CF: Revisiting The Blind Alphabet in a time of distance and intangibility can have a strong resonance with the work itself, but it can also add new layers of meaning and ways of engaging with the work. What are some of the benefits and challenges of showcasing this work digitally?
WB: Each form sculpted for The Blind Alphabet project is a morphological interpretation of a key word quite complex in meaning. It is encased within a dark steel mesh container, making it invisible. The selected word is defined in Braille according to the dictionary convention. The Braille is fixed to an aluminium touch-plate on the lid of the container, which only a blind person is permitted to open and ‘read’. The Braille text describes the conceptual origin of the form inside, its shape, the wood used and the etymology of the word it represents. The word, bidentate, for example, describes a form consisting of two teeth and is thus represented.
The lockdown period we are experiencing similarly robs us of direct experience of many aspects of life. Most of us are used to being prohibited from touching the artworks in a gallery, but now we might be refused entry altogether! Viewing art on the internet becomes a virtual experience and as such, arguably not a real one. We are denied the immediate pleasure of laying our eyes on things, much as the Blind Alphabet Project originally intended.
A virtual experience of The Blind Alphabet denies the visually impaired tactile access to the work. This is an important consideration, as the work was primarily designed for the blind viewer and the digital format is removed from the original motivation of the work – to give the sighted an experience of what it is to be marginalized in one’s perception of the world. Usually art galleries prohibit touching the works with an uncompromising DO NOT TOUCH sign.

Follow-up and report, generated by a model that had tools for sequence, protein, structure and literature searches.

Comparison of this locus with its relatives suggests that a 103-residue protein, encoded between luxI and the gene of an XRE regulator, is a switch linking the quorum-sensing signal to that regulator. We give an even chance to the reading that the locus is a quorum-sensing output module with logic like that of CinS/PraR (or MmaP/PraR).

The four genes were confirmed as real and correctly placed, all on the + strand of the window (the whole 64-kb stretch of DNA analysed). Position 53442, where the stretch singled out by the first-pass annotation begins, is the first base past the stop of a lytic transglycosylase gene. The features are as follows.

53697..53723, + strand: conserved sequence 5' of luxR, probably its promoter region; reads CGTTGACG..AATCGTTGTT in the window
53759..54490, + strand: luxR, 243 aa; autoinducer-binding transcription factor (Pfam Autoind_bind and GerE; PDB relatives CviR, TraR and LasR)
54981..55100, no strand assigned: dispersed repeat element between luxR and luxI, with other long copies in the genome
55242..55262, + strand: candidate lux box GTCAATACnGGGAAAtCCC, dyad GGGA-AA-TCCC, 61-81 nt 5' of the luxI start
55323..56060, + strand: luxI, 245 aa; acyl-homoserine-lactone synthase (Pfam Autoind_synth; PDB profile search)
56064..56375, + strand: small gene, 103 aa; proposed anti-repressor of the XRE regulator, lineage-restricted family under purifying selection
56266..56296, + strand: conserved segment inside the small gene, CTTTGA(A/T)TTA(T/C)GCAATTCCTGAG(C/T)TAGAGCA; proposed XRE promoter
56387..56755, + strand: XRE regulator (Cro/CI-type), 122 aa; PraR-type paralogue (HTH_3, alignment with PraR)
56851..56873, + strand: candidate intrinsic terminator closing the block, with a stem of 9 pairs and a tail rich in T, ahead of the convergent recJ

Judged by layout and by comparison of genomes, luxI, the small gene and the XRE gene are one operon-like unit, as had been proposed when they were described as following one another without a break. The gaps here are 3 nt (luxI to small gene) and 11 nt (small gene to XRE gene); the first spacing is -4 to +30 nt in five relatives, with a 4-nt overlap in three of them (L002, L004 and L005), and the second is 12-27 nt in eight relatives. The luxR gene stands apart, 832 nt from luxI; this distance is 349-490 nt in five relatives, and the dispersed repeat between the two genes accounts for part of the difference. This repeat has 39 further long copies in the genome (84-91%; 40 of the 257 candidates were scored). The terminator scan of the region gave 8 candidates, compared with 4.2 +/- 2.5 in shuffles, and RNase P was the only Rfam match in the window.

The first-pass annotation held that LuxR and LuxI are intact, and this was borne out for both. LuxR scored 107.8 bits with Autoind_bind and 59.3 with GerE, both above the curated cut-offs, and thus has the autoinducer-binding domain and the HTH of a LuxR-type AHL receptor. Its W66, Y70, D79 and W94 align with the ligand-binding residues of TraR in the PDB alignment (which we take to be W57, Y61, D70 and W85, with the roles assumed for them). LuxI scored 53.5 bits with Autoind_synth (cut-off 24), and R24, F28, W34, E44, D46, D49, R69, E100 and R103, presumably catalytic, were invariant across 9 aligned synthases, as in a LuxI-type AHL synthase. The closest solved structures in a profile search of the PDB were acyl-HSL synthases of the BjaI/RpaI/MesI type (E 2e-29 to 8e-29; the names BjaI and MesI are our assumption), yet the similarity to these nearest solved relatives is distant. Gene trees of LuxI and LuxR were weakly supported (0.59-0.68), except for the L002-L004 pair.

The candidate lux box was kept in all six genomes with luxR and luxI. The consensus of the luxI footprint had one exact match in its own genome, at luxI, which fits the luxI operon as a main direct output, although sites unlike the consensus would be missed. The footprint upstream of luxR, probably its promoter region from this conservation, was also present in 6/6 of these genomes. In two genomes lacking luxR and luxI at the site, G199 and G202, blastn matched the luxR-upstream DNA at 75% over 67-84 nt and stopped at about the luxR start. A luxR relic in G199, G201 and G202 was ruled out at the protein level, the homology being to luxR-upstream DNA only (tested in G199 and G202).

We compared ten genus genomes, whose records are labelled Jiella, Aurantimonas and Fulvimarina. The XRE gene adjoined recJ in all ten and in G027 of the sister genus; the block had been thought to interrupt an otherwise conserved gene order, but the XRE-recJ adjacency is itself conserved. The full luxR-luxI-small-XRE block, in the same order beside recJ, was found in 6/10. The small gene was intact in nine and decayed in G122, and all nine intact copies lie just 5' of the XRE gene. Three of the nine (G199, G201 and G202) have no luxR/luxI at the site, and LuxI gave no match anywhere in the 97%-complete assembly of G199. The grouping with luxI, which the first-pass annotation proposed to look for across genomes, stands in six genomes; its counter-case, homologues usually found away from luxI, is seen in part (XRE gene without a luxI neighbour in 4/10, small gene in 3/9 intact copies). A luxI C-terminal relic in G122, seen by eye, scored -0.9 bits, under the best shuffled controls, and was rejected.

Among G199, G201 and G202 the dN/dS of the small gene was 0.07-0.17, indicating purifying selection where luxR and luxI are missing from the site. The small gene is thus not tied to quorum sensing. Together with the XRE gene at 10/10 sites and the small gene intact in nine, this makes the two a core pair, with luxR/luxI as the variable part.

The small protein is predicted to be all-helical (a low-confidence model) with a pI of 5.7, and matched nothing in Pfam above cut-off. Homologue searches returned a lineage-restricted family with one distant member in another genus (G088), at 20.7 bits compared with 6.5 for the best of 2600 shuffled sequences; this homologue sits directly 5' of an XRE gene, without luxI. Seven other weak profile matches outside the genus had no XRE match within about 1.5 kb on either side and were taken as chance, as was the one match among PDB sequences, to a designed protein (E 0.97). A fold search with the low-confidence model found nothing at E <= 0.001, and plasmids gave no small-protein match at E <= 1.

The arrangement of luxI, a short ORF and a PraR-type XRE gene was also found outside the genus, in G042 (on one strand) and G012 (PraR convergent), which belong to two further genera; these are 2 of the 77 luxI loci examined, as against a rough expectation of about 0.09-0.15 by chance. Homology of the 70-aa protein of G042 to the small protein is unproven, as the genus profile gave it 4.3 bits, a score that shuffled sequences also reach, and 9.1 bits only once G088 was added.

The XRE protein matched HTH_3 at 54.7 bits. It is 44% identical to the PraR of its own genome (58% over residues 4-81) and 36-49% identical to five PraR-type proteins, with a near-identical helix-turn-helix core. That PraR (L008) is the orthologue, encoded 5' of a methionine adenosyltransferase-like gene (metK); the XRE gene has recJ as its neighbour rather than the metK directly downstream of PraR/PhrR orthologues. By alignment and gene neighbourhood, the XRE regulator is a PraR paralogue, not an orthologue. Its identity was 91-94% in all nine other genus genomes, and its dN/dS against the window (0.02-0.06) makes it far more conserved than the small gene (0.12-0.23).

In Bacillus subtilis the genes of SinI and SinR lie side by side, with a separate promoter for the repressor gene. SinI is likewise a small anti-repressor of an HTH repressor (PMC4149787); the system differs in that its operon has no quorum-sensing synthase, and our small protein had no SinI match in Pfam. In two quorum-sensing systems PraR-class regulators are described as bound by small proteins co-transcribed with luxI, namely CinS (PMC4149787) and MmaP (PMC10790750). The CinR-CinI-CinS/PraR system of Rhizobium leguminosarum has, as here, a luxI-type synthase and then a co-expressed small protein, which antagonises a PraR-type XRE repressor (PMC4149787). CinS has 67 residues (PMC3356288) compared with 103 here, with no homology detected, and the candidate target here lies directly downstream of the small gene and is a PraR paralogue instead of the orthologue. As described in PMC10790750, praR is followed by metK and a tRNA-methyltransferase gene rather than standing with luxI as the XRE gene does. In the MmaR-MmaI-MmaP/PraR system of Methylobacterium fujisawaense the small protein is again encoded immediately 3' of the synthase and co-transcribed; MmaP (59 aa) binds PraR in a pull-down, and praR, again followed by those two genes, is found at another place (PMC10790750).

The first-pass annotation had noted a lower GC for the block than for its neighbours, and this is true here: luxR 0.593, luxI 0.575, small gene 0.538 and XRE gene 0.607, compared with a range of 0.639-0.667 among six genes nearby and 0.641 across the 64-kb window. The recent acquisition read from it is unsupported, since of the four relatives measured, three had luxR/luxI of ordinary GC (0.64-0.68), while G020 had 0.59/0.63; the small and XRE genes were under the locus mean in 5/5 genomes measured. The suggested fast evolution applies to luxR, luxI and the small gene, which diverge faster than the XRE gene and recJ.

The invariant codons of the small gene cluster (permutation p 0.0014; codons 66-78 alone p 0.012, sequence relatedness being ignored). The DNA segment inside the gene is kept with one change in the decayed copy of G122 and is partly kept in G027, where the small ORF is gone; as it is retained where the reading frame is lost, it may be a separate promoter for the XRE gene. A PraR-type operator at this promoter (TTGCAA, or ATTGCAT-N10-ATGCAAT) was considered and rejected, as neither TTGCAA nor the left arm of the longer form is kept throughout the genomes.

During the 1990s, when the work was conceived, the digital age in which we are currently engulfed was simply not a firm reality. The work engages with the senses of sight, touch and also the smell of wood.
New Music composer Jaco Meyer and I have been in dialogue for some years, both departing from a conceptual approach. Over time he made compositions in response to several of my sculptures. Now his engagement with The Blind Alphabet Project introduces the sense of hearing. Admittedly, Braille might eventually disappear as technology expands and digital solutions are developed to aid the visually impaired in daily life. One could therefore argue that his intervention expands the range of sensory engagement in the Blind Alphabet Project.
This is a departure from the original intention of the work, which was to give the sighted a direct experience of what it feels like to be excluded from the art gallery experience and the appreciation of art.
The digital format with its new musical accompaniment now also caters to the sighted, bypassing the original intended interaction with the blind.
But, to experience and understand the chosen enigmatic words presented by Blind Alphabet Project, the sighted are dependent on another person who cannot see. This is not only because the gallery allows blind people to touch the work, but because their sense of touch is sensitive and highly developed, allowing them to unlock subtleties of meaning I have tried to communicate sculpturally through the morphology of words. For me as a conceptual artist working sculpturally, exploring the meaning of each word by touching and forming my material is as important as seeing it.
Navigate through our Moving Cube articles:
Willem Boshoff exhibition – The Blind Alphabet
Moving Cube – a newly developed UJ Art Gallery website
Mentorship, education and the Emerging Artist Development Programme – how to enter
Exploring The Blind Alphabet with MTN Foundation’s Niel Nortje
Curating context online: Annali Cabano-Dempsey discusses UJ’s Moving Cube